We recently talked about a recent Morgan Stanley survey that highlighted how 2019 travel budgets aren’t growing as much as previously predicted, and what this could mean for sales organisations.

With 60% of economists predicting a recession hitting the U.S. before the end of 2020, corporates will need to give serious thought to how their business travel budgets will be impacted. In particular, how could reducing travel and expense (T&E) spend negatively impact both revenues and corporate culture?

Harvard Business Review recently developed a very interesting report which tackled this issue (you can read it here). The report revealed that while 62% of organisations view business travel as critical to building closer relationships with suppliers, 69% of them reduced travel budgets, with more than half of them restricting travel frequency and selected less expensive travel and accommodations.

There are several potential consequences of these actions. The most obvious is that reducing the number of face-to-face meetings can hurt sales. Relationships built over email and the phone will never be as strong as those based on in-person meetings, and given that the relationship with the prospect is estimated to account for as much as 70% of a purchase decision, cutting out meetings could impact sales numbers at a time when an organisation can least afford to lose deals.

Another challenge, which we have discussed before, is the impact on morale of reducing the class or hotel grade or airline class of service. While infrequent travellers may not be too concerned about having to take a connecting flight instead of direct, those who travel most frequently will likely take a far more critical view of it. With these frequent travellers often being an organisation’s top revenue generators, reducing their quality of life during an already trying period could lead to turnover.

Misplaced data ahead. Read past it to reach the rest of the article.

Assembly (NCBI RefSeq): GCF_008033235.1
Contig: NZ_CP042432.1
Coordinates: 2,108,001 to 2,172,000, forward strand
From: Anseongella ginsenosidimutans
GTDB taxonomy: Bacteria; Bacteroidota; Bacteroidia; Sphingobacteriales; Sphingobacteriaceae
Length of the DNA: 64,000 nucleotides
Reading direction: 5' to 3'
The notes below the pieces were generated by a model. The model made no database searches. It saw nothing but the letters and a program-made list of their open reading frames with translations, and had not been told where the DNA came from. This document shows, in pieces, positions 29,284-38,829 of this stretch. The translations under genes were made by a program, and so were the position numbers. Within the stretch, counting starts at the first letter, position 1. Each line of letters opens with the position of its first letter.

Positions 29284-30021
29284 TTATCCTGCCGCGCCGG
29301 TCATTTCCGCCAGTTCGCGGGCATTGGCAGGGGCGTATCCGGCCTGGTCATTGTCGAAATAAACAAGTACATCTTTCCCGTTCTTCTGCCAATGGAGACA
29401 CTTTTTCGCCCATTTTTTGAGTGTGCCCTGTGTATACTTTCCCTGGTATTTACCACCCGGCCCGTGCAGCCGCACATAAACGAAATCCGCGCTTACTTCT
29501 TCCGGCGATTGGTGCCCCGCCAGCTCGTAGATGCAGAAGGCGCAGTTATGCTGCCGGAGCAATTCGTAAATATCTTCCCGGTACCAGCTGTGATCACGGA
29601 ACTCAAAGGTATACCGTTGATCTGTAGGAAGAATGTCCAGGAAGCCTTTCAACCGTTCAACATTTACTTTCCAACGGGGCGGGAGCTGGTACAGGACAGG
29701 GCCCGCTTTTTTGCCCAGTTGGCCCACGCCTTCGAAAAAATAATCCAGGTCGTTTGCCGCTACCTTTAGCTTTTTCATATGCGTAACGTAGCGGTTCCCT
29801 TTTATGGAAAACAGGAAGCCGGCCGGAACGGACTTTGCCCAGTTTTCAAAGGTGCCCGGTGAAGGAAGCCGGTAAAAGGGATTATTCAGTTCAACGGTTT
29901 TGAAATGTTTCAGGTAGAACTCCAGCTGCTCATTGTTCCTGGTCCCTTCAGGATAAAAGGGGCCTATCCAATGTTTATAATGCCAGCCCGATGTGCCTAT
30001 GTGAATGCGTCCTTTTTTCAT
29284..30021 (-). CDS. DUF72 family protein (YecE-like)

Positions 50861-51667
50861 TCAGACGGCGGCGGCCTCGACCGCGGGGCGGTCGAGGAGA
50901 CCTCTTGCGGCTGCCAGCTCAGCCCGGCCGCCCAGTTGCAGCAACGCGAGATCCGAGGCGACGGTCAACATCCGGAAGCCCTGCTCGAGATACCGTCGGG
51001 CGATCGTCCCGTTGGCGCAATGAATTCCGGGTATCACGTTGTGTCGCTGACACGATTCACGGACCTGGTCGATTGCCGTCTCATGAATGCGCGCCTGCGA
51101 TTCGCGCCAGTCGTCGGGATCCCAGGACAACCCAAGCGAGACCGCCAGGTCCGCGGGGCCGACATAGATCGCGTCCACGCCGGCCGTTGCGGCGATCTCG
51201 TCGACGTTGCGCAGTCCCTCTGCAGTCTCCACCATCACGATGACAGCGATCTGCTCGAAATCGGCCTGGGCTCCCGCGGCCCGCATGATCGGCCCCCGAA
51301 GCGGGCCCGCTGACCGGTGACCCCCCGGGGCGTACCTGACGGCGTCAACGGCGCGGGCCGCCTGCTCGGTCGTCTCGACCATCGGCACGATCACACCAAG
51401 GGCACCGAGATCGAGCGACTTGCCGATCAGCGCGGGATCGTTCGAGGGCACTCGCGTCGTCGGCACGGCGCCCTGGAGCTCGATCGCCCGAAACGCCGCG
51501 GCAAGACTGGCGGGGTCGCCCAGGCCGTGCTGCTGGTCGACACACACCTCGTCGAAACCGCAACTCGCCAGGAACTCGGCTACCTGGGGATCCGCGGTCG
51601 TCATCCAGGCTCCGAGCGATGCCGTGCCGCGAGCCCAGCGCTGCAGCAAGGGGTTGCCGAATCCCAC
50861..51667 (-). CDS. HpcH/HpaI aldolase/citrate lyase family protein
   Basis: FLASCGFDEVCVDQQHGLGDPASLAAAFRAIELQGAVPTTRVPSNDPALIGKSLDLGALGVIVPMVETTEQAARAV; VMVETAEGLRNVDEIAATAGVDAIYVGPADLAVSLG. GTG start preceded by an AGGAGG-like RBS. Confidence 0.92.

The HBR report takes insight from a range of experts – including academics, analysts and industry insiders – to address how organisations can better optimise their travel budgets during economic downturns. The report particularly looks into how data and technology can be used more effectively to maximise the value generated by business travel. It’s critical reading for any corporate travel, finance or HR leader who needs to stretch their travel budget as far as possible.

Click here to download the report, and see how your organisation can insulate its travel budget against future financial crunches.


Our choice of Chrome River EXPENSE was made in part due to the very user-friendly interface, easy configurability, and the clear commitment to impactful customer service – all aspects in which Chrome River was the clear winner. While Chrome River is not as large as some of the other vendors we considered, we found that to be a benefit and our due diligence showed that it could support us as well as any large players in the space, along with a personalized level of customer care. Sally Abella, Director of Corporate Travel Harman International
We are excited to be able to enforce much more stringent compliance to our expense guidelines and significantly enhance our expense reporting and analytics. By automating these processes, we will be able to free up AP time formerly spent on manual administrative tasks, and enhance the role by being much more strategic. Ben Zastrow Zelle